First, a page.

Is running on a treadmill the same as running on the road?
Posted Jan 18 2009 1:13am
Have you ever wondered if running on a treadmill is the same as running outside on a road.
When it is freezing, cold, slippery, windy and snowy in so much of the world, many northern hemisphere runners have little to no choice but to run on their treadmills to get ready for the spring marathons.
The experts don' t really have an answer for you.
"This is actually a very ugly question, to which there' s no definitive
answer," says Colin Dombroski, a pedorthist at the Fowler Kennedy Sport
Medicine Clinic in London, Ont.
"More than 30 years of research have produced two schools of thought,
Mr. Dombroski says. One holds that treadmill running is fundamentally
different because your center of mass doesn' t move while you whip your
feet from back to front.
The other maintains that, as long as the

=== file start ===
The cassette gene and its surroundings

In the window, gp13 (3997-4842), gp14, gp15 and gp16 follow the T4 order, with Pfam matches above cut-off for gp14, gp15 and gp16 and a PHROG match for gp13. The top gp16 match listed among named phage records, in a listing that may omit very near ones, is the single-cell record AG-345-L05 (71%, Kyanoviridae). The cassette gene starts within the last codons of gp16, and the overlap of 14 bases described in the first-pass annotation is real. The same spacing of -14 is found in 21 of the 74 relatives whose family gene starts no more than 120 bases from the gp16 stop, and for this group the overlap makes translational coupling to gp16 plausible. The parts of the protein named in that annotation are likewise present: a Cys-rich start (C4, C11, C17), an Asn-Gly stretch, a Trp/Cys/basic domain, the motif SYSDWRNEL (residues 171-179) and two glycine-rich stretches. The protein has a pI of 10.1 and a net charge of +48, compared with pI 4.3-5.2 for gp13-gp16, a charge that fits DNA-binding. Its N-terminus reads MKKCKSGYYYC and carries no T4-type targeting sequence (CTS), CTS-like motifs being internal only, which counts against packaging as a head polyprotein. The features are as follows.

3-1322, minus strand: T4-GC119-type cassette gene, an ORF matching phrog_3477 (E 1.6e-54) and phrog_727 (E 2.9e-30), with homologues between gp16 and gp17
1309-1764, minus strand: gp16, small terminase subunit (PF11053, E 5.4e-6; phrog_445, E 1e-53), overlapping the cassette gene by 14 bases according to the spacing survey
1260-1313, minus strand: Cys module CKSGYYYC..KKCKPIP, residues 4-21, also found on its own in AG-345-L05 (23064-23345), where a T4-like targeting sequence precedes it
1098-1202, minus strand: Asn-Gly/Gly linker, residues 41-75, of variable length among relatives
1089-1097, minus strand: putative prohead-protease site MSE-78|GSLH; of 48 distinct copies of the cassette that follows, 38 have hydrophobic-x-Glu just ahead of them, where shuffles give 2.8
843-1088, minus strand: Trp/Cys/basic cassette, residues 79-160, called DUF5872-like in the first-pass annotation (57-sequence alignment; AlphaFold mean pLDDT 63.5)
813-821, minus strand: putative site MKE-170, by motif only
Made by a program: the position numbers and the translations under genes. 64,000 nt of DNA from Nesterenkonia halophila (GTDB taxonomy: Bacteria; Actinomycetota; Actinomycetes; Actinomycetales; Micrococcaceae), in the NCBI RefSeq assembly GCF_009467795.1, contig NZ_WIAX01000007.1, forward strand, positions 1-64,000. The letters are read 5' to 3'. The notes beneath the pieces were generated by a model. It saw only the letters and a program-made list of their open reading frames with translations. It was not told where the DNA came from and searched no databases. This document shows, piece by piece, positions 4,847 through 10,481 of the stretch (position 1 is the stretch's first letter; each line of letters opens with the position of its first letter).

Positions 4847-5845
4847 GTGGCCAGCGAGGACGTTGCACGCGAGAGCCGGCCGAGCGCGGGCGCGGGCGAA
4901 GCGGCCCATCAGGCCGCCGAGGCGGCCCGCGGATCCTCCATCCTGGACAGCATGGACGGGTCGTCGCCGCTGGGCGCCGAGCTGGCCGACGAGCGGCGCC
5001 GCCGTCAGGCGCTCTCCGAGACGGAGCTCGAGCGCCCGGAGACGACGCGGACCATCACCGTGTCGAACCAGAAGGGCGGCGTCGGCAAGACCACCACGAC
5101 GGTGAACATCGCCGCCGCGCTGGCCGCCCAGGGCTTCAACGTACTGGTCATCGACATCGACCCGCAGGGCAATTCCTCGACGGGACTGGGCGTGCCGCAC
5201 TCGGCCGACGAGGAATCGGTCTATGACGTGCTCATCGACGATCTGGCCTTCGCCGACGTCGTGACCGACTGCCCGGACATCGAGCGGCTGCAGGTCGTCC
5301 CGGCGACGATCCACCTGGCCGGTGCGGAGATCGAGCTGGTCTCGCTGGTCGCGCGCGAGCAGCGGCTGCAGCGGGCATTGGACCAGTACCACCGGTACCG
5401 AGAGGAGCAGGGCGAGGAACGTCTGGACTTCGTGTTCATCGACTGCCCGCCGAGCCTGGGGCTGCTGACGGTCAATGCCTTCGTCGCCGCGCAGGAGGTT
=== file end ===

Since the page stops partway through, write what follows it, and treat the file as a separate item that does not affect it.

treadmill is moving at a constant speed, there' s no physical difference
other than the lack of wind resistance.
The most recent attempt to unravel this mystery comes from
researchers at the University of Virginia who used high-speed cameras
and special treadmills with force-measuring surfaces to compare joint
motion and impacts. The results, published in the journal Medicine
& Science in Sports & Exercise last June, showed that there are
statistically significant differences in several parameters, such as
knee orientation and peak force. But over all, the researchers
concluded that the biomechanics of running on a treadmill are close
enough to "overground" running that the differences don' t matter.
This is the same conclusion that many running coaches have reached
through first-hand experience. "There are differences, but they' re very
minor," says Peter Pimm, a Toronto distance-running coach who has
guided Olympians as well as recreational runners for more than 25
years. To compensate for the lack of wind resistance, Mr. Pimm has his
runners set their treadmills at a 1-per-cent incline."